Interview: Ibrahim Al Omar

To what extent have recent bilateral agreements translated into specific investments?

IBRAHIM AL OMAR: In the first half of 2017 Saudi Arabia saw foreign investment inflows of SR3.25bn ($866.5m) compared to SR1.39bn ($370.6m) in same period of 2016. To sustain this welcomed increase, Vision 2030’s objectives have guided us in a surgical examination of our commercial relationships with other nations to uncover new cooperation opportunities. The memoranda of understanding (MoUs) we signed with major international partners, including China, Russia and the US, have been a result of this approach. The mutual interest expressed through MoUs has given us a framework through which all parties can fulfil their commercial goals. Within that framework, we are engaging in discussions and workshops to help our partners move rapidly through the investment cycle, shape the most optimal business model to participate in Vision 2030 and establish their businesses in Saudi Arabia.

Which World Bank “Doing Business” indicators are being prioritised to reach the Vision 2030 targets?

AL OMAR: SAGIA’s Tayseer initiative is helping drive significant reforms to the commercial and investment environment to enhance the ease of doing business across the country. We have identified 279 key reforms, of which 45% have already been completed. For instance, we reduced the amount of documents necessary for import and export procedures by 60%; we established commercial arbitration centres to allow companies to enter into alternative dispute resolution; and we passed a new companies law to provide greater protection for minority shareholders.

We are continuing to address both the areas of strength in the “Doing Business” report, and the sub-indicators in which we have room for improvement. In the trading across borders category, for example, we are moving to automate all import-export procedures and enable shipping containers to clear ports in 24 hours. In starting a business, the Meras programme will make the process of establishing a business simpler by integrating all the steps needed for this process into four days. For the resolving insolvency category, the government will soon pass its bankruptcy law. This will provide investors with more legal protection should they become insolvent. It will also establish a legal framework for insolvency, which will reduce the current ambiguity of the wording of the law. This will ultimately give companies more confidence when making investment decisions in Saudi Arabia.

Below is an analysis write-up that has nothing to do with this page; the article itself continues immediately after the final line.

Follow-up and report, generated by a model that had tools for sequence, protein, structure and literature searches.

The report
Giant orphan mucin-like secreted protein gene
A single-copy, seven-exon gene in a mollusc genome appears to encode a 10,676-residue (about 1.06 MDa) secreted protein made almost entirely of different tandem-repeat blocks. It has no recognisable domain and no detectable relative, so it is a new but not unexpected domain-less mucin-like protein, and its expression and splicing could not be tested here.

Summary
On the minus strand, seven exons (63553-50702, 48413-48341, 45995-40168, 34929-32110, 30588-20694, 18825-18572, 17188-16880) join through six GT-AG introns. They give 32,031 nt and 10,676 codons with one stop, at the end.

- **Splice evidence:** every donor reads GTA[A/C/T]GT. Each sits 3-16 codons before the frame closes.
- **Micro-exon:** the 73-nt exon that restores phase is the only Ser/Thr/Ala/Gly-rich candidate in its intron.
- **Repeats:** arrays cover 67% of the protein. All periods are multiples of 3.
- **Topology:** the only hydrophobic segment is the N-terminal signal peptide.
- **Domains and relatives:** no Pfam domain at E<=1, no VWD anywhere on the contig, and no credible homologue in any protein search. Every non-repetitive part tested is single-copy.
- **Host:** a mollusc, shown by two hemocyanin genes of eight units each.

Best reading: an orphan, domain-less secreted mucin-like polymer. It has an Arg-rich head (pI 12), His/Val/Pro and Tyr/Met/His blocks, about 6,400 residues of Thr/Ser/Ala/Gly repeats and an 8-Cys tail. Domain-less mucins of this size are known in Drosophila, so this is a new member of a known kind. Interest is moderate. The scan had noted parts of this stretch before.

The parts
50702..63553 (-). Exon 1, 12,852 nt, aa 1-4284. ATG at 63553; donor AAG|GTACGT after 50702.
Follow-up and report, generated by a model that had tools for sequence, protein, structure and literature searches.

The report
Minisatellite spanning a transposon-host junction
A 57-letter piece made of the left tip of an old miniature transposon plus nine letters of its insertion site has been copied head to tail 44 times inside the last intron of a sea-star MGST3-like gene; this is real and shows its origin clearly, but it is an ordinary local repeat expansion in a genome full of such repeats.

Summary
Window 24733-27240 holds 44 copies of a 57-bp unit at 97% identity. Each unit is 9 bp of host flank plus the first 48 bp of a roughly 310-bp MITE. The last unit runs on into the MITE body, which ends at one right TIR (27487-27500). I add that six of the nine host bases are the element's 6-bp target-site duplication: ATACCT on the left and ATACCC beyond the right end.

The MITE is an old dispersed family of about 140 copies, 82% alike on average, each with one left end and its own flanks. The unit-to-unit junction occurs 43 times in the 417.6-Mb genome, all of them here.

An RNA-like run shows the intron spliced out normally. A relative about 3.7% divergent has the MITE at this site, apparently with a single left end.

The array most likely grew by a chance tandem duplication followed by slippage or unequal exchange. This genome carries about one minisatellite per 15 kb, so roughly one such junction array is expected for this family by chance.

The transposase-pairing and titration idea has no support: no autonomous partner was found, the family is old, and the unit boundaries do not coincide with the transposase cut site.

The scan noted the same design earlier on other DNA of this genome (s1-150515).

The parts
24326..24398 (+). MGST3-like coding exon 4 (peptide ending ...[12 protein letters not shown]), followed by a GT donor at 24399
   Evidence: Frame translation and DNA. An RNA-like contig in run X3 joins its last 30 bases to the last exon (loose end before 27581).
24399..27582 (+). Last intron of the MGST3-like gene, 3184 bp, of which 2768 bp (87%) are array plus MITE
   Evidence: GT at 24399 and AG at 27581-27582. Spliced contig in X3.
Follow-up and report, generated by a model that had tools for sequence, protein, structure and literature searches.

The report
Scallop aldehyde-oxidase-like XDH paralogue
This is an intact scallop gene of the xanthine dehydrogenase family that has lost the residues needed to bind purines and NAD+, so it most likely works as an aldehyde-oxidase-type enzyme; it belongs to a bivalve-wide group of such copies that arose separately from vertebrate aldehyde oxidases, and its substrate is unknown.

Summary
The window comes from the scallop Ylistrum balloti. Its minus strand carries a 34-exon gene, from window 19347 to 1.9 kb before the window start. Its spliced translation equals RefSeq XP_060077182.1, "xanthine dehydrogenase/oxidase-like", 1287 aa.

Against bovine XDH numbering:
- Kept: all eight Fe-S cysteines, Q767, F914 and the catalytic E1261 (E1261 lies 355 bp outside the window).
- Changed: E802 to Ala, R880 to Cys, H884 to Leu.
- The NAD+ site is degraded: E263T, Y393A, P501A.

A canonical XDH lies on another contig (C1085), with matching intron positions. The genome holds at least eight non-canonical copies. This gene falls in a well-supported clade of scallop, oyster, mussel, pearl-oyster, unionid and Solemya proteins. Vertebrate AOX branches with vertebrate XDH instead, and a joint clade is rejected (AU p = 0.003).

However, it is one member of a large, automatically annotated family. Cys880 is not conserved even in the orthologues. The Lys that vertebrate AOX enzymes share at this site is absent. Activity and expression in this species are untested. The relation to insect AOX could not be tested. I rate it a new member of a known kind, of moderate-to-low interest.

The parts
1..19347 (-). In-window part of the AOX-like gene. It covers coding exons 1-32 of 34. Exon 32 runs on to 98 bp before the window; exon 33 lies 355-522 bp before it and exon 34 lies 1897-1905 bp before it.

How will Meras streamline licensing procedures?

AL OMAR: The Meras online portal will ultimately house all requirements for starting a business under one roof, enabling investors to complete all procedures in four steps in four days. This includes obtaining the SAGIA licence. Investors currently applying for licences can still do so through SAGIA, where we only require them to submit two documents electronically. All applicants will receive a decision within 48 hours of their submissions.

How is SAGIA increasing foreign investment?

AL OMAR: Foreign investors can own 100% of their business in most domestic sectors. SAGIA, however, regularly reviews Saudi Arabia’s regulations with government partners to explore and identify appropriate opportunities to increase the participation of foreign businesses in areas in which they have traditionally needed a domestic sponsor. This is intended to provide investors with more flexibility in deciding how their businesses will operate in the Kingdom. For example, if they are looking to establish a domestic retail business for the first time, some foreign investors may want a Saudi joint-venture partner whose commercial strengths will complement theirs. Other types of companies, however, may want to have full ownership of their business. Ultimately, we aim to provide greater choice by raising the investment ownership threshold.